Here we sit in the midst of our long hot summer. We all knew it would arrive, didn’t we? I really do like it! Some might think I’m crazy! I still remember my first experience of Arizona. It was a weekend in June of 1978. It was a hot June weekend. My uncle picked me up at Sky Harbor for the ride to his home way out in Glendale. It was only 114º. His car’s A/C wasn’t working! The breeze from the windows as we drove on I-17 was amazing. I was refreshed by an iced tea or two upon arrival at his home.
That evening, while sitting on the edge of the pool in his back yard, drinking a cold one, towel over my shoulders, radio playing… they said it was 97º, and I was chilly. I knew this was the place for me. It just took me another 14 years to move here. Since August 1992 I haven’t looked back!
This weekend’s readings challenge us to consider our call to spread the good news by our actions. It also challenges us to pray for vocations to the priesthood and religious life. Those vocations are still needed in our Church. We need families to support their children’s faith and nurture God’s call in them. “The harvest is abundant but the laborers are few.”
Today, a large number of lay Catholics work alongside priests and religious in parishes in our country and throughout the world. A 2005 study found that over 30,000 lay ministers were working in US parishes at least 20 hours a week in paid positions. Nine percent of these identified themselves as music ministers, and just under 6% as liturgists. Religious educators accounted for almost 42% of lay parish ministers, while 42% identified themselves as general pastoral ministers. Without lay staff, the parish life would be weakened, and pastors would be exhausted!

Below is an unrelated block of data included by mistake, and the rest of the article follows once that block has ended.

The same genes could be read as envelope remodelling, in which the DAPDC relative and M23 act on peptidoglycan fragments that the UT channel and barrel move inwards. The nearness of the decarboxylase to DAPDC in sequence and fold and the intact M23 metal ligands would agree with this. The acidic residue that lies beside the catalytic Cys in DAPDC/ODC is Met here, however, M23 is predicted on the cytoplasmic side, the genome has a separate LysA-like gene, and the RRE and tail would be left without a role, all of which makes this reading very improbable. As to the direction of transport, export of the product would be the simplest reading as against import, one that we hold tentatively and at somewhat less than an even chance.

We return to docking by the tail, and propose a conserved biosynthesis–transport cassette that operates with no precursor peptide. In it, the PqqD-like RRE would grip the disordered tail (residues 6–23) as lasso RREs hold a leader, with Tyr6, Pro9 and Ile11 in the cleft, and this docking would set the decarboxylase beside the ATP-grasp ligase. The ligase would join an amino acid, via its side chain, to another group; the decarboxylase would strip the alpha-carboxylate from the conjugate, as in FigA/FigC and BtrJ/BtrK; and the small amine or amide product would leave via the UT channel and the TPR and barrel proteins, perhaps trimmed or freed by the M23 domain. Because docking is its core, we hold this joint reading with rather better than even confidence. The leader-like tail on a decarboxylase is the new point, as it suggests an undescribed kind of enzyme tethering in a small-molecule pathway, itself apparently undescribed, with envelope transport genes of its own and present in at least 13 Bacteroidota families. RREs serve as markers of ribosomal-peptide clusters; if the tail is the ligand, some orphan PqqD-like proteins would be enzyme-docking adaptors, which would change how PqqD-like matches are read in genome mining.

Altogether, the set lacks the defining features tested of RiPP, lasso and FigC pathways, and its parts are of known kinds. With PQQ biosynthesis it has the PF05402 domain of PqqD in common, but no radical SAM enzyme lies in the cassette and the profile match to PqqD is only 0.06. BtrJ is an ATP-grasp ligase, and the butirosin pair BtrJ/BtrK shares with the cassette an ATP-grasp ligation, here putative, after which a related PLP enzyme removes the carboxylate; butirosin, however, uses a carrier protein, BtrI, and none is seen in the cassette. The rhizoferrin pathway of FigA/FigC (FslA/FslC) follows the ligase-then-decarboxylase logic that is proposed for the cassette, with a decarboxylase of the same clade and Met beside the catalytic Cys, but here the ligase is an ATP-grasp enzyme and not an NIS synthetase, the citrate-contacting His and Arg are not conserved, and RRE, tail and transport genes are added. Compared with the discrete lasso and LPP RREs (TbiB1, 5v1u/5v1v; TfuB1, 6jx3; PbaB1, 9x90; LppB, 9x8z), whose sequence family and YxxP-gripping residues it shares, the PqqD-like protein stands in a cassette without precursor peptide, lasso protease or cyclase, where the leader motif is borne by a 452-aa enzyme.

Please offer a special prayer for more people committed to be parish workers…
Since we all drive Cave Creek Road at least weekly, I thought you’d like to contemplate the “Drivers' Ten Commandments” as given us by Renato Cardinal Martino, from the Vatican's Office for Migrants and Itinerant People…
1. You shall not kill.
2. The road shall be for you a means of communion between people and not of mortal harm.
3. Courtesy, uprightness and prudence will help you deal with unforeseen events.
4. Be charitable and help your neighbor in need, especially victims of accidents.
5. Cars shall not be for you an expression of power and domination, and an occasion of sin.
6. Charitably convince the young and not so young not to drive when they are not in a fitting condition to do so.
7. Support the families of accident victims.
8. Bring guilty motorists and their victims together, at the appropriate time, so that they can undergo the liberating experience of forgiveness.
9. On the road, protect the more vulnerable party.
10. Feel responsible toward others.